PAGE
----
Why You Should Walk Like a Penguin in Icy Conditions

group of penguins walking across snow and ice

After a few days of reprieve from ice and snow, winter weather is back in the forecast for Southern Ontario. The upcoming rain-snow mix is likely to cause havoc because once the temperature drops, what starts off as a wet sidewalk or driveway can quickly turn into a sheet of ice.

Whether you’re going outside for some exercise, running an errand, or simply getting to and from your car, winter walking can be hazardous.

“Each year around this time, we start seeing an increasing number of patients who have suffered a fall on the ice,” says Durham Region chiropractor Dr. John Noble. “Our chiropractic and massage therapy team are able to offer guidance and provide care, but ideally it would be best if the fall could be avoided!”

There are some precautions you can take to make sure you get to your destination safely. Here are eight ways to avoid a slip and fall on snow or ice:

1. Choose the right footwear

There are some great options for winter boots that provide slip resistance.

Look for these features: rubber soles with a non-slip tread.

2. Plan ahead

Give yourself extra travel time so you can walk without being rushed.

3. Don’t be distracted

Avoid walking and using your phone at the same time.

4. Be on the lookout for ice

Avoid icy patches when possible. When in doubt, assume that all dark and wet pavement surfaces are slippery.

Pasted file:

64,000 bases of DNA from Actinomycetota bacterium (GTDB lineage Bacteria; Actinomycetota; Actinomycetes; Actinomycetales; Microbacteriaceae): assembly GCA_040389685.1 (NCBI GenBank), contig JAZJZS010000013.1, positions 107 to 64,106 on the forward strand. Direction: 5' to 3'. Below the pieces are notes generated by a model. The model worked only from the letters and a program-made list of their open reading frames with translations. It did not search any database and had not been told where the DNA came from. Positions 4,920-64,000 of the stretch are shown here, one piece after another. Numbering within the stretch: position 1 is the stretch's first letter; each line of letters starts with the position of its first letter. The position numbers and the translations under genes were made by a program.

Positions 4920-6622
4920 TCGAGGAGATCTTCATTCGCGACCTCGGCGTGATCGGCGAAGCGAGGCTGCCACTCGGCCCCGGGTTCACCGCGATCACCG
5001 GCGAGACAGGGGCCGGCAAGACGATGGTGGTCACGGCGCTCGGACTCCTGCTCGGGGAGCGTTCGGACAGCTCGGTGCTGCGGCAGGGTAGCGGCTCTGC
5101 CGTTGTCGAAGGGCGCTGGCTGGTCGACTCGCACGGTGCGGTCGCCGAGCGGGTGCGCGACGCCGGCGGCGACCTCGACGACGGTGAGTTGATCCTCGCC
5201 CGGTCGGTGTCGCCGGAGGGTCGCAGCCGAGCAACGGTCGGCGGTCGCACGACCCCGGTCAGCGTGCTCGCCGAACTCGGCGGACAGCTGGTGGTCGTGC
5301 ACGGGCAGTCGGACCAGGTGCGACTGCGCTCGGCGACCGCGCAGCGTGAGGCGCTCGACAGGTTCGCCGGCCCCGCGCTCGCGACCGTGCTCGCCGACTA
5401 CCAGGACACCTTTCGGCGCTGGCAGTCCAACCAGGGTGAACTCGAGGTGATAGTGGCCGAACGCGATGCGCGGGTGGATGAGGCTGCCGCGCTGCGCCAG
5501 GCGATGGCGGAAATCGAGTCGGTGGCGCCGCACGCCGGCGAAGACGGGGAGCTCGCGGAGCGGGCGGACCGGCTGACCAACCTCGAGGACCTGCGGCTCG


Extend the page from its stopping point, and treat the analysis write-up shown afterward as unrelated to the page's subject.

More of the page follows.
5. Be prepared

If you don’t have salt for your stairs, driveway, or walkway, use sand or non-clumping cat litter to sprinkle on icy surfaces outdoors. If possible, only walk on paths that receive maintenance. Don’t take shortcuts where snow isn’t regularly removed

6. Use support

Use handrails when available and steady yourself on the door frame of your car when getting in and out of a vehicle.

7. Don’t compromise your balance

Avoid carrying items in your arms as that may cause you to be unbalanced. Walking with your arms swinging at your sides is the best way to maintain balance. Make sure to keep your hands out of your pockets to help with balance and walking posture (don’t forget your gloves).

8. Walk like a penguin

When the terrain is super slippery, try practising these “penguin-like” techniques for stability:

  • Keep your feet “flat-footed” (place your whole foot down at once—this also slows your walking speed)
  • Take short strides or shuffle your feet forward
  • Keep your knees slightly bent and feet pointed out. Lean forward slightly

Make sure to check for weather updates before you head out! If you have experienced a slip or fall, our Pickering massage therapy and chiropractic team can help.

Call the Pickering Village Chiropractic and Massage Clinic for an assessment with Ajax chiropractors Dr. John Noble or Dr. Mark Fera, or to book a therapeutic massage with registered massage therapists Jessica Raedisch or Rolf Castanheiro.



With content from the Canadian Chiropractic Association